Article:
Some documents you should keep for a period of time if they will help to avoid possible legal issues in the future. These should be kept stored in a locked metal box in a discrete location. If you have an electric shredder for your home or office (and you should), document destruction should include everything you have no need of.

Junk Mail
If you aren’t going to open it, shred it. Even letters to “Occupant” might be credit card offers that could provide a thief with a credit card in your name.

Credit Card Statements
Some people advise keeping them for awhile, especially if you need them for tax purposes. Your usual process should be to make sure every charge is legitimate, then shred any receipts once they’re paid. Even better, sign up for paperless billing so that there are no documents for thieves to find.

Mortgage and Tax Documents
For legal reasons, save mortgages and any records of property improvements until five to six years after you’ve sold the property. Save tax information 6-to-7 years before shredding.

Pay Stubs
Save them, but once you’ve done your taxes, shred the check stubs you don’t need.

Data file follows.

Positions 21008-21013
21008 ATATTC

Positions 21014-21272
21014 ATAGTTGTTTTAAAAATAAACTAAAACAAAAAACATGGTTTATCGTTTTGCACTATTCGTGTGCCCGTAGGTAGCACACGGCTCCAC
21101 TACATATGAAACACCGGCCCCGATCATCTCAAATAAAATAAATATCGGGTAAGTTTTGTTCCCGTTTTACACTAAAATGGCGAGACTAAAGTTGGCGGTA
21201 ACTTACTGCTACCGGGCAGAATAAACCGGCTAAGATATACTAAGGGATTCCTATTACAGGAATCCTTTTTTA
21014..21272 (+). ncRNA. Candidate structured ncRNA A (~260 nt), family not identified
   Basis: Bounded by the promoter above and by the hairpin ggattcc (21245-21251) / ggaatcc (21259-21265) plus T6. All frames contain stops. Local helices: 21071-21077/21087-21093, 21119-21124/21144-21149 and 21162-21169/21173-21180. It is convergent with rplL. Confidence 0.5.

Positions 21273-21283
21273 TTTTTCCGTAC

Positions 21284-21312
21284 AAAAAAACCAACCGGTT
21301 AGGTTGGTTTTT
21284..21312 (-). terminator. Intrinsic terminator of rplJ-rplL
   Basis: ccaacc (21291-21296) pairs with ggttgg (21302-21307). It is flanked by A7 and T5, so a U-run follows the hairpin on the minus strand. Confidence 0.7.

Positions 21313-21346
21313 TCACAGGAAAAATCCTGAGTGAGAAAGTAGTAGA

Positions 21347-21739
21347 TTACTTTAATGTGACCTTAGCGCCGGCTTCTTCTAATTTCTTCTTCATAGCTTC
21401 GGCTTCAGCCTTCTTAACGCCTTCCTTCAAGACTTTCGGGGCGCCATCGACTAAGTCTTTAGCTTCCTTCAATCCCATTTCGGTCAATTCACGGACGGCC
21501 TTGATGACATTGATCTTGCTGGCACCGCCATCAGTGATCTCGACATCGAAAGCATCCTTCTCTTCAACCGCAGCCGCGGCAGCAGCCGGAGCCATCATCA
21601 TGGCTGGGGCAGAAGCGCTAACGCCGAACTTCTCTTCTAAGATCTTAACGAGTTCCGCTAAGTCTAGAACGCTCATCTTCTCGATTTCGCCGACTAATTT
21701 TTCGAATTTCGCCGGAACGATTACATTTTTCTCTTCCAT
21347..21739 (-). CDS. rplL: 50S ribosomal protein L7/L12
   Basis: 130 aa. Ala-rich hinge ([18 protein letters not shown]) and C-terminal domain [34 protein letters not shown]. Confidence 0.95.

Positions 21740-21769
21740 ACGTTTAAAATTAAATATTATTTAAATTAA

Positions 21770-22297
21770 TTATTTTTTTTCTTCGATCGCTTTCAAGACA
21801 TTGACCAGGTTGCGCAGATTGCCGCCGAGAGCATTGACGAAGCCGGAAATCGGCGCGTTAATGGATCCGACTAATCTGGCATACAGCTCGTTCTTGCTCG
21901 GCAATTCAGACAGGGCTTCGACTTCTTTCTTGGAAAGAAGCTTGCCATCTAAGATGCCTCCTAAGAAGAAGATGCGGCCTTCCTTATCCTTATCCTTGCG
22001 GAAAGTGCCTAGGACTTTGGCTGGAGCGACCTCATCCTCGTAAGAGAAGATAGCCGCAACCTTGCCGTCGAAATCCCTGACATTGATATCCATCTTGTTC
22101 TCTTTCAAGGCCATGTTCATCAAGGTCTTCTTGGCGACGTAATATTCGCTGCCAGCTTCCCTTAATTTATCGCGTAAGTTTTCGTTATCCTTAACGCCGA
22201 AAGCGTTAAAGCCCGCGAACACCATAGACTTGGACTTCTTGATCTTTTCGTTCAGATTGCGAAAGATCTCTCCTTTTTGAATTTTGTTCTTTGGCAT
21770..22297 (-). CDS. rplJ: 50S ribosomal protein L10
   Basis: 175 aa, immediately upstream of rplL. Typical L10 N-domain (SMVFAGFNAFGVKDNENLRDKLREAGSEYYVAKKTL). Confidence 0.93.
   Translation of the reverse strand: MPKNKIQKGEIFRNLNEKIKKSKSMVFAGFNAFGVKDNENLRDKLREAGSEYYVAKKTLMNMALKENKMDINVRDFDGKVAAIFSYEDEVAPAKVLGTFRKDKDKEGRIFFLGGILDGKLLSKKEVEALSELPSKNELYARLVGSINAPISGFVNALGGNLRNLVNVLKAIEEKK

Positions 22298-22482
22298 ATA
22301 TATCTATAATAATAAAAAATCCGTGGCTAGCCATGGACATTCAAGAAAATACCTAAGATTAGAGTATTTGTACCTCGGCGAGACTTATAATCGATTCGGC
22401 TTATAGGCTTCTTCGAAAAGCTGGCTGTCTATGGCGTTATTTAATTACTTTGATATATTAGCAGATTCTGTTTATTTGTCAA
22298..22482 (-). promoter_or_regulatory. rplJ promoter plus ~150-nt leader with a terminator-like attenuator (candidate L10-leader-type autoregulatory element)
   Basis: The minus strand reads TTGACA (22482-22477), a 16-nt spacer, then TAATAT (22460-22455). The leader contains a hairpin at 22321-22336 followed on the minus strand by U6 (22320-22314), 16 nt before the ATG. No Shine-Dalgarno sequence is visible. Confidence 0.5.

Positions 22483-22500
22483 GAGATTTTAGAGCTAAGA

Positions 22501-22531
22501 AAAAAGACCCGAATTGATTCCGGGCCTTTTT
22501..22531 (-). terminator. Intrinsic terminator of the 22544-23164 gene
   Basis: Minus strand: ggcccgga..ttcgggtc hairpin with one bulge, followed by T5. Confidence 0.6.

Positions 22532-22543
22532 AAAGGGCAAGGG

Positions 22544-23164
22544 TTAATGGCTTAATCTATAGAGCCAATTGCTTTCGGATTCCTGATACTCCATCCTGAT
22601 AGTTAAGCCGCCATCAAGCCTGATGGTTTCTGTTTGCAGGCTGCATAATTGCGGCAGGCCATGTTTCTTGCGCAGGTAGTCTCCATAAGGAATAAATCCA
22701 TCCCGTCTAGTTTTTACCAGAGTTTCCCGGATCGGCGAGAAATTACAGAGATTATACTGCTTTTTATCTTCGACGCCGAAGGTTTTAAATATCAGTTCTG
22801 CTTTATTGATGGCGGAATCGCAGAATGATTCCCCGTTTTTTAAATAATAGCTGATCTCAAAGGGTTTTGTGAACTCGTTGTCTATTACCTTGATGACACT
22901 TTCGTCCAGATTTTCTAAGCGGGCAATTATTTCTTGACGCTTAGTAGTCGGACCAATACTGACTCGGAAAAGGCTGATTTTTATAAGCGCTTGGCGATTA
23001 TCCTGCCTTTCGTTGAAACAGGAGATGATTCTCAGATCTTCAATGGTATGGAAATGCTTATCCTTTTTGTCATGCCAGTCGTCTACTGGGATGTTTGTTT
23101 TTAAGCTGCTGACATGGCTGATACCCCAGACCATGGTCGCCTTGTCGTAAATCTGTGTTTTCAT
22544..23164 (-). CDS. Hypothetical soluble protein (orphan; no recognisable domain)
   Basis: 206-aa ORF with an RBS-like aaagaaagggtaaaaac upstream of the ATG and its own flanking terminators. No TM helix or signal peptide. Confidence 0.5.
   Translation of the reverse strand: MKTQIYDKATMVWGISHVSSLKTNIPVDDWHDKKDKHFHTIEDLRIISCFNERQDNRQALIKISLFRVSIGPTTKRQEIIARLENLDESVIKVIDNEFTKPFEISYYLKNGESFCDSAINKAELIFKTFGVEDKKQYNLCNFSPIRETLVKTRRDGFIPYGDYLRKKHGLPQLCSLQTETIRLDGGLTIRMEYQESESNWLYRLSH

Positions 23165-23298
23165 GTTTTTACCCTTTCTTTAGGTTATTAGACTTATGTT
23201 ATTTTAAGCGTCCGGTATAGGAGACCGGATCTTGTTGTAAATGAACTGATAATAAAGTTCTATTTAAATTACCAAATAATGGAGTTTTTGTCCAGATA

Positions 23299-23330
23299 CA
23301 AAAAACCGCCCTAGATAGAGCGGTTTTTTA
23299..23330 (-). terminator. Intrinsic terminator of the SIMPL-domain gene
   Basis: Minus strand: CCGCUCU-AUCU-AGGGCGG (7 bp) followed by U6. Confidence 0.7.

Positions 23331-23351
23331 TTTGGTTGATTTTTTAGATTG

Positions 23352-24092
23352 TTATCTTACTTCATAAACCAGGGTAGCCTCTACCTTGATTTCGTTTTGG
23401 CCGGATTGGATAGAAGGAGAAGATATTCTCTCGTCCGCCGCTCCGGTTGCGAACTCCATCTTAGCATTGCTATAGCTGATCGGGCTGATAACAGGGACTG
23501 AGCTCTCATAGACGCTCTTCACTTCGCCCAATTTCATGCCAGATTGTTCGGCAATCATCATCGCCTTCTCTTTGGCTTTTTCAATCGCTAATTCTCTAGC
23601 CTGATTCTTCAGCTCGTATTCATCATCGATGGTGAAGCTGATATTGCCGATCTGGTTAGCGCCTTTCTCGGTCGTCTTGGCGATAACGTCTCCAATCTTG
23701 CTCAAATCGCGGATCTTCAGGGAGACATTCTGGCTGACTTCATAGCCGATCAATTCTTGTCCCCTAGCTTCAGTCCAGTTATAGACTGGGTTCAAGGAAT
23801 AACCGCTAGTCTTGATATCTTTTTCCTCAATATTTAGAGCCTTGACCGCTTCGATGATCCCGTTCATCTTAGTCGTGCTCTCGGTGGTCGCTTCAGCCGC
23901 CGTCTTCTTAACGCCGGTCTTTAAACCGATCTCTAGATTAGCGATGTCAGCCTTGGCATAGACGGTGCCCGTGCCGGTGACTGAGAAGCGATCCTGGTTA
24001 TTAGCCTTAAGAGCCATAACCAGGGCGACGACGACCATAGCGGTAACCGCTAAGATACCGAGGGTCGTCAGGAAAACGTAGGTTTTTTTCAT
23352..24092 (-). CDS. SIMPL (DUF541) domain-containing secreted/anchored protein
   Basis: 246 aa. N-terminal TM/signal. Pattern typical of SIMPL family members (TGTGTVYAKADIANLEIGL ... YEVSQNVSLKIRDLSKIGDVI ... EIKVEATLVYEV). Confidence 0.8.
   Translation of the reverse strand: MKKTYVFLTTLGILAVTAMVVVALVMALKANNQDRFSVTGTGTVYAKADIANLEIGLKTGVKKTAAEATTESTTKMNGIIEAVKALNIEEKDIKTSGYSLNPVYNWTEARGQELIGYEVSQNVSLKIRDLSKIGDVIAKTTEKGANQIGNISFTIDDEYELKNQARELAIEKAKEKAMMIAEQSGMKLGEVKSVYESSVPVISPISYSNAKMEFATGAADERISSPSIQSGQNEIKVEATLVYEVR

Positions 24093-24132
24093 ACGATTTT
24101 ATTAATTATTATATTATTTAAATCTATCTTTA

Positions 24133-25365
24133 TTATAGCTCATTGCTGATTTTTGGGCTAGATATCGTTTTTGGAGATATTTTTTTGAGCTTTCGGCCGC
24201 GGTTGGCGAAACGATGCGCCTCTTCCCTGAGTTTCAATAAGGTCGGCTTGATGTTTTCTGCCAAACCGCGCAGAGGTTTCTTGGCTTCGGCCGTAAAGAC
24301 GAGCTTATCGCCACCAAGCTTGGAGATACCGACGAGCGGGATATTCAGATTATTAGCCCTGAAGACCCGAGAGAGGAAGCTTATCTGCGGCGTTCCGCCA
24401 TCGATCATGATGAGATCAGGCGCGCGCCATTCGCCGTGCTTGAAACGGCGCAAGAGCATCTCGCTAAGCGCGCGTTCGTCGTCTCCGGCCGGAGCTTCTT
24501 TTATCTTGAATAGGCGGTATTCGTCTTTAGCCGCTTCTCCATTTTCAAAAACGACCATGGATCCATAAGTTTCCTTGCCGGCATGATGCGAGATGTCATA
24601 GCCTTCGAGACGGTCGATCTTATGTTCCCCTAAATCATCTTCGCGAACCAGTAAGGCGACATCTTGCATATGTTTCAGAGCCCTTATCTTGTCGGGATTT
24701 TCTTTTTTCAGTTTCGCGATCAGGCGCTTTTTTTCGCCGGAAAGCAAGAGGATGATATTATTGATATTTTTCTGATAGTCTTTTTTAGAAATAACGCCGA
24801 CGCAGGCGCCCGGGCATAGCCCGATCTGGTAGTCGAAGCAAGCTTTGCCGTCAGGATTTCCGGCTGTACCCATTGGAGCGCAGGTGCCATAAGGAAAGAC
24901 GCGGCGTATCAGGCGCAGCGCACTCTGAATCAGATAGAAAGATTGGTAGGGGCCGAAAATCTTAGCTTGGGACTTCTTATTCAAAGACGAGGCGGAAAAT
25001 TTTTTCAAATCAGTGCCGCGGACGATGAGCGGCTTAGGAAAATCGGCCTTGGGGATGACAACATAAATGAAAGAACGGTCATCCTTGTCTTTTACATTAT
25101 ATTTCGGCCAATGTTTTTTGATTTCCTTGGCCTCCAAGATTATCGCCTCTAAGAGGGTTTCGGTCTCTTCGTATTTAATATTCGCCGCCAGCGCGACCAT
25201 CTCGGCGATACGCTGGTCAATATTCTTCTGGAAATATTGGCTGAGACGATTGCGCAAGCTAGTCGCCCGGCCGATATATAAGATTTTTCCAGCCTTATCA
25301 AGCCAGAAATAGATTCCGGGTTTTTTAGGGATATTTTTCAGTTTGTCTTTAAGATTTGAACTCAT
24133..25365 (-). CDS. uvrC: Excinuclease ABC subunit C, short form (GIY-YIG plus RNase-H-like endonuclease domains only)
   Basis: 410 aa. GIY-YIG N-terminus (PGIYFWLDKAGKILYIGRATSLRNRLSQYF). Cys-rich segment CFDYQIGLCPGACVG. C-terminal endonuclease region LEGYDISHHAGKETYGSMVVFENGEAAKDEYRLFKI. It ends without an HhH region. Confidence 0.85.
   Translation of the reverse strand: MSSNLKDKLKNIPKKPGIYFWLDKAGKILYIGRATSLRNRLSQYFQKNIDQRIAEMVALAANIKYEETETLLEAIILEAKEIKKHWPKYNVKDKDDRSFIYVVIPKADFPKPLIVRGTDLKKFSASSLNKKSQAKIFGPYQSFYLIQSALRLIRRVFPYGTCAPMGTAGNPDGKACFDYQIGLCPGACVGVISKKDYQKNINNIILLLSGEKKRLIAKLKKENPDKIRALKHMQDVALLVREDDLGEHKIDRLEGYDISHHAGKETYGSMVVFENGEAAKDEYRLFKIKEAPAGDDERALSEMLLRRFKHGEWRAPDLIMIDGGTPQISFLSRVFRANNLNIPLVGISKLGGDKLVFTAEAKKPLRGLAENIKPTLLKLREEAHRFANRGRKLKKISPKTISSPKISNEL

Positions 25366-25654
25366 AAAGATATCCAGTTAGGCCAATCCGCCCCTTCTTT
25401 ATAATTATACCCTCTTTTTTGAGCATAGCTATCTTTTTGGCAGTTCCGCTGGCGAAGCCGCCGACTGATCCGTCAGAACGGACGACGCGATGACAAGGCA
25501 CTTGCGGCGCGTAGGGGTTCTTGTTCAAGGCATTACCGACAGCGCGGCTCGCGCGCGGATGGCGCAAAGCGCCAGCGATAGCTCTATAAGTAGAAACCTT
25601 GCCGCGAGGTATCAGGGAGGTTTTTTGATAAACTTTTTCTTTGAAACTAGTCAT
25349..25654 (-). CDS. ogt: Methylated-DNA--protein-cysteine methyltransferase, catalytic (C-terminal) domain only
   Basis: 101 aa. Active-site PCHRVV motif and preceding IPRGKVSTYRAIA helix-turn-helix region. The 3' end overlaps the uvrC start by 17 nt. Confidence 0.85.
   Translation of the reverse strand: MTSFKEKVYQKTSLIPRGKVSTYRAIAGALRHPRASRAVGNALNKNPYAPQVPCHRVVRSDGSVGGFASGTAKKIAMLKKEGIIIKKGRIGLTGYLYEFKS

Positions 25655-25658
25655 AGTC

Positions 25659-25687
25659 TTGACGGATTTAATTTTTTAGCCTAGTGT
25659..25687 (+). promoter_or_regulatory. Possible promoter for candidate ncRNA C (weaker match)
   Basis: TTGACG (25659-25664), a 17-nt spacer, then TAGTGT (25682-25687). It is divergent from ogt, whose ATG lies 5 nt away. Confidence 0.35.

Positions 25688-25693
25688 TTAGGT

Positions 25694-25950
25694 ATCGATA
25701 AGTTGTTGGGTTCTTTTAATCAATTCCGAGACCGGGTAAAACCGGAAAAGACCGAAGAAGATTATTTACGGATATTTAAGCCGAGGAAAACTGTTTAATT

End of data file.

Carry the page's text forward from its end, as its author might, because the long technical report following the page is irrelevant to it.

Medical and Financial Statement
Keep them for a year in case there are disputes or errors. When they’ve been paid and cleared, shred them.

Insurance Documents
Shred bills as they are paid. After coverage has expired or been cancelled, wait five years before shredding the policy documents.

Utility Bills and Store/ATM Receipts
If this is something that can help with your taxes, save them. Otherwise, as always, verify billing charges are legit and shred them as soon as they are paid.

The government passed tough laws in 2009 meant to discourage identify theft – but it’s still on the rise. The odds are against any thief going to all the trouble to reassemble random documents from shredded paper. A cross-shredder that reduces them to confetti is even more of a deterrent. Paper shredding is the first and best way to safeguard personal information.

Automatic Backup of Microsoft Office 2007 Documents